Firm turns corner after racking up £3.5m redundancy bill in previous three years

Byrne Group has put three years of restructuring behind it with the firm turning in an improved set of annual numbers last year, its latest accounts reveal.

The firm, which includes the Byrne Bros concrete arm and its building and fit-out business Ellmer, had racked up more than £3.5m in exceptional items over a three year period to June 2021 which included a slew of redundancy payments.


Byrne said its concrete frame arm continued to be hit by the impact of the pandemic and rising materials costs

But in its accounts for the year to June 2022, the business stayed free from exceptional costs improving pre-tax profit by a quarter to £6.2m on turnover up 7% to £153m.

The average number of monthly staff at the business during the year dropped from 244 to 219, a fall of 10%.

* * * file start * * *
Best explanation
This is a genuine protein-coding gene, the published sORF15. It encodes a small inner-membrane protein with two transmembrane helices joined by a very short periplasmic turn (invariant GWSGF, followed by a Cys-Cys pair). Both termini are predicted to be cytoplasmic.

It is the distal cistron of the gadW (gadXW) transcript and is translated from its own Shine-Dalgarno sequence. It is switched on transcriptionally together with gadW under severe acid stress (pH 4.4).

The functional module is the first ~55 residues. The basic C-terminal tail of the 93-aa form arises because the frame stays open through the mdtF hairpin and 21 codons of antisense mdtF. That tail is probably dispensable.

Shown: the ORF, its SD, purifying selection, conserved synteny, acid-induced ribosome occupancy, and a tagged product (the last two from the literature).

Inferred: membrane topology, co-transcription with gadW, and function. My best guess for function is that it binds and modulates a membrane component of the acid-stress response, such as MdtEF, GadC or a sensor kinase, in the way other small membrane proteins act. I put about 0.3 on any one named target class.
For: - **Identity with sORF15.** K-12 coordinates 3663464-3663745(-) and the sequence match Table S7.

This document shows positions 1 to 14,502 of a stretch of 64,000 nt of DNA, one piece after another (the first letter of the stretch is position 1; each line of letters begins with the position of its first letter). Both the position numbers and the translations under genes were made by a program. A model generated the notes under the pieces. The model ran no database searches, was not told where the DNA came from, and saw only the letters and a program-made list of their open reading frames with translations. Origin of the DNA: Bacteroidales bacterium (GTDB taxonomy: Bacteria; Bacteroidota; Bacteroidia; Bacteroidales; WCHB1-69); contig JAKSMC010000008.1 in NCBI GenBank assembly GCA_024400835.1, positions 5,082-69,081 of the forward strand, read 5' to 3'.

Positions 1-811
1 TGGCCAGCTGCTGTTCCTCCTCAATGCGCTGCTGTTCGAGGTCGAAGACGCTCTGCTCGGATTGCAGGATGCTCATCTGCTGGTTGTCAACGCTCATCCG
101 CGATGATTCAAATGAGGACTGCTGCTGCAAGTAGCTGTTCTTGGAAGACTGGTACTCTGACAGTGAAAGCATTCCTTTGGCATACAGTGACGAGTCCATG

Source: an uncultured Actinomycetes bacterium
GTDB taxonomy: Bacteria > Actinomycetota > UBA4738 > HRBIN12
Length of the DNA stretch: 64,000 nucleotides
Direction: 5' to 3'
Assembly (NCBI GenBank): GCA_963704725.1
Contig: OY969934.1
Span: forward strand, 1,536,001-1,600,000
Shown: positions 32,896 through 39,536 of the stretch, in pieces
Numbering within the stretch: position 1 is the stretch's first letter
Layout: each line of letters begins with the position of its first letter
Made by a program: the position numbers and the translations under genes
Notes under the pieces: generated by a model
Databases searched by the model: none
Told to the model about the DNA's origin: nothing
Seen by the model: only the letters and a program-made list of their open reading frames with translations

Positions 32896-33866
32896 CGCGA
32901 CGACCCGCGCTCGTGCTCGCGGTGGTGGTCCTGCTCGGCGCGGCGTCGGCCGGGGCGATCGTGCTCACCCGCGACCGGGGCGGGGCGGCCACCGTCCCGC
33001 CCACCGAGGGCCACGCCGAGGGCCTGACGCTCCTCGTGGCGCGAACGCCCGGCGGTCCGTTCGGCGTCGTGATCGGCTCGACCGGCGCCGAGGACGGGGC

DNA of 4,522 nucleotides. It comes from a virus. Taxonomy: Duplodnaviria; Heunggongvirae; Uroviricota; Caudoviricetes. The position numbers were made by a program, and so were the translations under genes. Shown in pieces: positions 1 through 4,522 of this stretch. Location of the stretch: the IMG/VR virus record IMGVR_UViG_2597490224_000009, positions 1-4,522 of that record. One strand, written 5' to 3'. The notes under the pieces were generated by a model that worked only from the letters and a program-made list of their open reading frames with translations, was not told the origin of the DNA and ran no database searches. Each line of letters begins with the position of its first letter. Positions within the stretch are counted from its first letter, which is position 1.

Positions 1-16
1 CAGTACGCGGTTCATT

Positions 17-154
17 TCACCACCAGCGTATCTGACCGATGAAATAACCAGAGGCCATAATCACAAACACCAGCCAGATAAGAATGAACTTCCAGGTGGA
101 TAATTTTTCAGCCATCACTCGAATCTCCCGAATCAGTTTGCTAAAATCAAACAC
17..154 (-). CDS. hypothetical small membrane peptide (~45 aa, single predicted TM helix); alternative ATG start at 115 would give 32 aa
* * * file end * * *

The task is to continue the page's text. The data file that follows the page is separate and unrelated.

Byrne, which has been owned by South African builder Wilson Bayly Holmes-Ovcon since 2017, said its concrete arm had been hit by “the ongoing effects of the pandemic and rapidly rising inflation caused serious delays to project starts”.

It said turnover at the division, which has been working on Multiplex’s delayed One Nine Elms scheme along with HS2 schemes for Costain and Balfour Beatty teams, slipped 56% to £73m although operating profit was off by just £300,000 from the previous year’s number of £5m.

But Ellmer, which is carrying out work on the new Google headquarters at King’s Cross and an apartments complex at the Peninsula hotel in Belgravia, saw turnover jump from £29m to £80m although operating profit was down 18% to £1.4m.

The group said cash rose from £31.5m to £48.6m.

Byrne’s accounts also show that it paid £7.9m to the administrators of civils firm O’Keefe Group which collapsed over the summer. The deal, which saved around 150 jobs, comprised the properties and plant of O’Keefe after it defaulted on a company voluntary agreement that was set up last year.